|name||The Truth About Innovation|
|isbn||ISBN-10: 0273719122 (first edition)|
Executive SummaryMax Mckeown, an influential management consultant, further established his credibility with his sixth book, the comprehensive, practical, and readableThe Truth About Innovation, published in 2008.
Mckeown explains 55 truths, or principles, about innovation that are drawn from the body of research and the experience he has of working with large organisations that are attempting to innovate.
Truth 01: Innovation is new stuff that is (made) useful
Mckeown defines innovation as new stuff that is made useful. This definition leads to two questions "how new is new?" and "useful for whom?". He distinguishs between ideas, insights, inventions, and innovations. He categorises the newness of innovation from incremental, radical, and revolutionary. He makes a distinction between innovation that is independent and that which is dependent - concluding that most innovation is dependent on other ideas, innovations, and inventions. He argues that the user determines how useful an innovation is and that human kind 'make' innovations useful through adaptation.
Truth 02: A beautiful idea is never perfect
Mckeown uses the examples of Target, Walmart, and K-Mart to argue that a beautiful idea is never perfect. All these companies were founded in the same year with the same idea - discount retailing. However each one has prospered at different times by improving upon the implementation and conceptualisation of the idea. K-Mart did time-limited bargains, Walmart did everyday low prices, while Target asks it's customers to pay less while expecting more.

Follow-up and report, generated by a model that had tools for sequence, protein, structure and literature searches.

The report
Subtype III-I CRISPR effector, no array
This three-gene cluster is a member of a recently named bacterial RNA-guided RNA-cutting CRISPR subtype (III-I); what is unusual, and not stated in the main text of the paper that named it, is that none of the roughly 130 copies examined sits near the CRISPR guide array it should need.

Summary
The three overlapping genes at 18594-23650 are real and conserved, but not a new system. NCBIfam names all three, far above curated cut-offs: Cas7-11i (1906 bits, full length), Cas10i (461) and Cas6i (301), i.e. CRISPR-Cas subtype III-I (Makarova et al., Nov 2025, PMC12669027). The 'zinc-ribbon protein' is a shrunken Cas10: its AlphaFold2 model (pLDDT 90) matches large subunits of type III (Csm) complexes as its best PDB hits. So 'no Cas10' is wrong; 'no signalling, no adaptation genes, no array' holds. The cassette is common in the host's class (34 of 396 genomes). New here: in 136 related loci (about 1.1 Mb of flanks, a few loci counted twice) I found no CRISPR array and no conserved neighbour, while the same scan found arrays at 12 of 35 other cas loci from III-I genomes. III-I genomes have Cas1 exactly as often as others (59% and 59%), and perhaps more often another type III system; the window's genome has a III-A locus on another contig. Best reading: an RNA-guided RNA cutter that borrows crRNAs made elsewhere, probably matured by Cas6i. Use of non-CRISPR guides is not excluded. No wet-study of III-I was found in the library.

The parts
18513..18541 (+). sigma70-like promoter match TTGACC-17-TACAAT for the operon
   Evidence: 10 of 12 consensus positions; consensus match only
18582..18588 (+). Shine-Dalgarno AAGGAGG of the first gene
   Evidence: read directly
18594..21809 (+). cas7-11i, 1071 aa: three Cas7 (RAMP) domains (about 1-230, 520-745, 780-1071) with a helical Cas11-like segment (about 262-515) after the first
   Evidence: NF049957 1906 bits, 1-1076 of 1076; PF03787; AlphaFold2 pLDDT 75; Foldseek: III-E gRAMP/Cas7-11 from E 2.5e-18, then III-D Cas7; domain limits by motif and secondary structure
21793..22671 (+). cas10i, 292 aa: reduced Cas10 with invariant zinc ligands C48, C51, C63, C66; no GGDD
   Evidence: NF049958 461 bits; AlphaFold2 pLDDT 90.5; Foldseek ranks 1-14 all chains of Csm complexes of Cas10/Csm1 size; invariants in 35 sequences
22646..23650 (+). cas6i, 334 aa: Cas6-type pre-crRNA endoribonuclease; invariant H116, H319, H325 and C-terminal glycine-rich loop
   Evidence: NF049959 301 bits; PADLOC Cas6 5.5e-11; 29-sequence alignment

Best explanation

Truth 03: A crisis is a terrible thing to waste
Crisis creates urgency that can be used to encourage action and help people out of their complacency. Those leaders that use external crises to promote innovation and those that can emphasis a sense of urgency will be more likely to overcome the barriers to innovation. Examples from Samsung are given in which the CEO time-limits product go-to-market times in order to heighten creativity. Examples also given of Intel's paranoia with it's strengths and weaknesses.